[erlang-questions] Using ETS for large amounts of data?

Hynek Vychodil <>
Mon Aug 30 11:56:42 CEST 2010


I have very similar experience.

1> T = ets:new(foo,[private]).
16400
2> [ets:insert(T, [{X,<<"0123456789ABCDEF">>} ||
X<-lists:seq(1000*(Y-1)+1, 1000*Y)]) || Y <-lists:seq(1,10000)],ok.
ok
3> ets:info(T).
[{memory,161554561},
 {owner,<0.32.0>},
 {heir,none},
 {name,foo},
 {size,10000000},
 {},
 {named_table,false},
 {type,set},
 {keypos,1},
 {protection,private}]
4> 161554561*4/1024/1024.
616.2817420959473

  PID USER      PR  NI  VIRT  RES  SHR S %CPU %MEM    TIME+  COMMAND
11598 hynek     20   0 1198m 1.1g 2196 S    0 28.6   1:12.34 beam.smp

Where those 500MB (1.1G - 600M) comes from? It is 50B per one 16B
value. If I put same amount of data in perl hash it take same 1.1GB
which is well known for wasting of memory.

Anyway:

1> T = ets:new(foo,[private]).
16400
2> [ets:insert(T, [{X,[]} || X<-lists:seq(1000*(Y-1)+1, 1000*Y)]) || Y
<-lists:seq(1,10000)],ok.
ok
3> ets:info(T).
[{memory,101554561},
 {owner,<0.32.0>},
 {heir,none},
 {name,foo},
 {size,10000000},
 {},
 {named_table,false},
 {type,set},
 {keypos,1},
 {protection,private}]
4> 101554561*4/1024/1024.
387.39990615844727

RES from top is 471MB so it seems better.

1> T = ets:new(foo,[private]).
16400
2> [ets:insert(T, [{X,X*10,(X+1)*10} || X<-lists:seq(1000*(Y-1)+1,
1000*Y)]) || Y <-lists:seq(1,10000)],ok.
ok
3> ets:info(T).
[{memory,111554561},
 {owner,<0.32.0>},
 {heir,none},
 {name,foo},
 {size,10000001},
 {},
 {named_table,false},
 {type,set},
 {keypos,1},
 {protection,private}]
4> 111554561*4/1024/1024.
425.54687881469727

RES: 547MB

So keeping it in one big binary and store only pointers will save you
300 - 400 MB of data depending of length of item (16-26B). Anyway
using better tuned k/v storage would be better.

On Mon, Aug 30, 2010 at 12:27 AM, Anthony Molinaro
<> wrote:
> I'm not sure if I ever posted what I did, I basically created two files
> using perl, one was a binary containing ~10 million 26 byte records, the
> other was a sorted list containing set of 2 integers.  The first the start
> of a range, the second an offset into the data file.  I then had an escript
> which transformed the index into an ets ordered_set.
>
> I then have a gen_server which loads up the ets table using ets:file2tab/1
> and the binary using file:read_file/1, and store them both in the gen_server
> state.  I then have a call which looks up the offset by
>
> {Start, Offset} =
>  case ets:lookup (Index, Val) of
>    [] ->
>      case ets:lookup (Index, ets:prev (Index, Val)) of
>        [] -> {0, -1};
>        V -> hd (V)
>      end;
>    V -> hd (V)
>  end,
>
> I then lookup the record in the binary via
>
> <<_:Offset/binary, Record:26/binary, _/binary>> = Binary
>
> Thus I only have one copy of the binary, as well as an ets table.  Memory
> wise the largest part is the ets table, but it's only about 700-800M.
> Then with the binary at about 250M I actually see something like 1.1G or
> so of memory.  I didn't try to find out if just storing the 26 bytes as
> the values in the ets table was more efficient memory wise, but what
> I have now seems to work well.
>
> -Anthony
>
> On Fri, Aug 27, 2010 at 11:41:41PM -0700,  wrote:
>> You have two issues here the initial loading of the data, and the actions
>> which happen on lookup.
>>
>> If you use and ETS table, you have to use integer index offsets as the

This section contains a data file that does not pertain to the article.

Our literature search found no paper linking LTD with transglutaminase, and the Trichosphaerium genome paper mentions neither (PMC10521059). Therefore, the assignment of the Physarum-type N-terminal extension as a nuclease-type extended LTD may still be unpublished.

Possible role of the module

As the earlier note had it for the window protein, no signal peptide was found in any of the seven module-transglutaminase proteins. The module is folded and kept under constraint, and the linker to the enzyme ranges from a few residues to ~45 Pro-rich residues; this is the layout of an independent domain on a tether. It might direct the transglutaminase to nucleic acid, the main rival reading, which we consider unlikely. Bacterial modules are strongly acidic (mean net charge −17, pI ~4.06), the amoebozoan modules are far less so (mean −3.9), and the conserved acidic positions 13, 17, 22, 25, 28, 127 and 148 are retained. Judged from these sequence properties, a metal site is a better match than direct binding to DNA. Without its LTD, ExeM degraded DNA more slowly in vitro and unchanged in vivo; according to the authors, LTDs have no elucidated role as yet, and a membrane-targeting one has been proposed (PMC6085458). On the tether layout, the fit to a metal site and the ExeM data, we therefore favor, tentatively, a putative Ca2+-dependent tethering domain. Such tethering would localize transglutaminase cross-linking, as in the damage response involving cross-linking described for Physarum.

>> return value or the binary data will be copied into the ETS on insert and
>> out again on every lookup match.  The index offset should be fast, but it
>> is a repeated binary match step that is really unnecessary.
>>
>> Try the following, you will probably get better overall performance with
>> other things running and putting pressure on memory:
>>
>> 1) Read in the whole file as a single binary
>> 2) Never append or modify this binary so it doesn't get copied
>> 3) Iterate over it using bit syntax to match 26-byte segments
>>    - [ Rec || <<Rec:26/binary>> <= FileBinary ]
>>    - You will get sub-binaries which are pointers into #1
>> 3) Store each sub-binary as the value for a key in a tree or dict
>>
>> You will probably do better in the long run by storing the intervals in a
>> tree, dictionary, tuple or array.  Lookups might be slower (although
>> depending on the key you might be surprised at how little difference there
>> is), but there should be no memory copying and thus no future garbage
>> collection pressure. The pre-fetched sub-binaries will never incur a
>> binary match penalty, nor copying and should avoid all garbage collection.
>>
>> The underlying large binary will always be present, but it will be stored
>> in the shared binary heap rather than internal to your process so message
>> passing the sub-binaries should be small and fast as well (all receivers
>> on the same node will point to the same underlying large binary in the
>> single binary heap).  You could keep the lookup tree in a process and send
>> messages out on requests for lookup.  You just can't distribute it off a
>> single erlang node, but you should get good benefit on a multi-core
>> processor.
>>
>> jay
>>
>>
>>
>> ________________________________________________________________
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>> See http://www.erlang.org/faq.html
>> To unsubscribe; mailto:
>>
>
> --
> ------------------------------------------------------------------------
> Anthony Molinaro                           <>
>
>
> ________________________________________________________________
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> See http://www.erlang.org/faq.html
> To unsubscribe; mailto:
>
>



-- 
--Hynek (Pichi) Vychodil

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